My Thule Tour

Voorhees, NJ

This story takes place back in 1952. I had recently returned to my squadron; the 509th Aircraft Maintenance Squadron at Walker AFB in Roswell, New Mexico; from a six-month tour at Chanute AFB in Rantoul, Ill., where I had attended and graduated from the Aircraft Instruments Repairman Course. A C-124 cargo plane landed at Walker AFB and I was handed a work order to repair a problem with and engine temperature system on that aircraft.

I repaired the problem in due time. The crew chief ran the engine and signed off the work order as completed; then he asked me if I would like to go to Thule AFB in Greenland as a flying mechanic. I had no idea where Greenland was but, you know young people, they will do anything that sounds like an adventure. I had no idea what I was volunteering for but that same afternoon I was directed to the base clothing store where I was issued some strange clothing.

At the clothing store I received; among other items; a huge Parka, a pair of leather pants with suspenders, a pair of overshoes called Mockloks or something like that, and a pair of gloves that resembled a catcher's mitt. Next day I boarded the C-124 and was on my way to Thule AFB, Greenland.

On that plane, in addition to the flight crew and seven flying mechanics, there were huge wooden boxes which contained Reciprocating Aircraft Engines. No other personnel nor other military items were carried in that plane. The aircraft landed at two different AF bases and the flight took a total of 16 hours. After flying for so long I could but ask how long was the tour of duty and I was told that we would be there at Thule for only a couple of days.

The aircraft made its approach to the landing field at Thule and all I could see was snow and more snow. Before landing we donned all that heavy clothing and prepared to get off from the aircraft. We were told not to take off any of our clothing until we were inside the hangar but one of us removed one his mitts and slipped on his way down from the aircraft. He grabbed the stair railing with his bare hand and his hand instantly froze to the railing. The railing was cut off with a hacksaw. Once inside the hangar the metal was thawed with a torch and removed from the airman's hand. The airman's hand was so badly burned by the cold metal that he had to be taken to the hospital.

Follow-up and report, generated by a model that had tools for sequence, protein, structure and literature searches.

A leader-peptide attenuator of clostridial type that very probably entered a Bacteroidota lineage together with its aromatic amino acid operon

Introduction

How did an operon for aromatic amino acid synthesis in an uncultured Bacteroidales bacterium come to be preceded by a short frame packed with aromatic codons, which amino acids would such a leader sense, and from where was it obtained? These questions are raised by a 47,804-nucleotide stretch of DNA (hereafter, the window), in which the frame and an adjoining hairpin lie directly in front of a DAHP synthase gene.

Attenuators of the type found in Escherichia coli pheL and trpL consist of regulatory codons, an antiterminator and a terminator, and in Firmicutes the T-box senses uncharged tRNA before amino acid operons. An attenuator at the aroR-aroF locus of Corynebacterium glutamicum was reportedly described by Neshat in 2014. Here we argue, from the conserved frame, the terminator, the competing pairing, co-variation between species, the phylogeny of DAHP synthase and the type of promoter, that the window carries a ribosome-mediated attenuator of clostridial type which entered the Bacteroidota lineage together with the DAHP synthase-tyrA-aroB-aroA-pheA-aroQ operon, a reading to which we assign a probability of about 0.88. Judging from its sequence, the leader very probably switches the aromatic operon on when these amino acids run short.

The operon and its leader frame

The airplane was towed into the hangar as we stood around looking into a sea of fog. Mechanics walked on the hangar floor and all we could see of them was their head floating above the fog. It took around eight hours for the fog to dissipate and for the plane to warm up enough to the touch so that we could perform the necessary maintenance on it.

Next day after the landing we were allowed to come out of our Quonset huts and take a look at where we were. The place looked desolate; only the top two floors of the hospital showed, and I was surprised that although it was noon time the sun hadn't yet come out. The sun never came out during the six months we were at Thule.

Back in our Quonset hut we had plenty of soda and beer; and they were free. All the food was powdered stuff; powdered eggs, powdered milk, powdered potatoes; nothing fresh until that one and only day when we were assembled at the dining hall and were surprised with fresh steaks. Once in six months is not bad at all. Besides soda and beer we had drinking water for those who preferred it but for bathing we were allowed only a helmet full of water per person. After the sponge baths we placed the remaining water in a container for recycling.

We all put on our gas masks when using the toilets because the toilet water was recycled water and it stunk worse than the worst stink in this world. We didn't have regular work hours; instead we were given work orders whenever something had to be repaired and the rest of the time we either slept, drank beer or played cards.

Time went by slowly during our six-month stay until finally a transport plane arrived to take us back to civilization.

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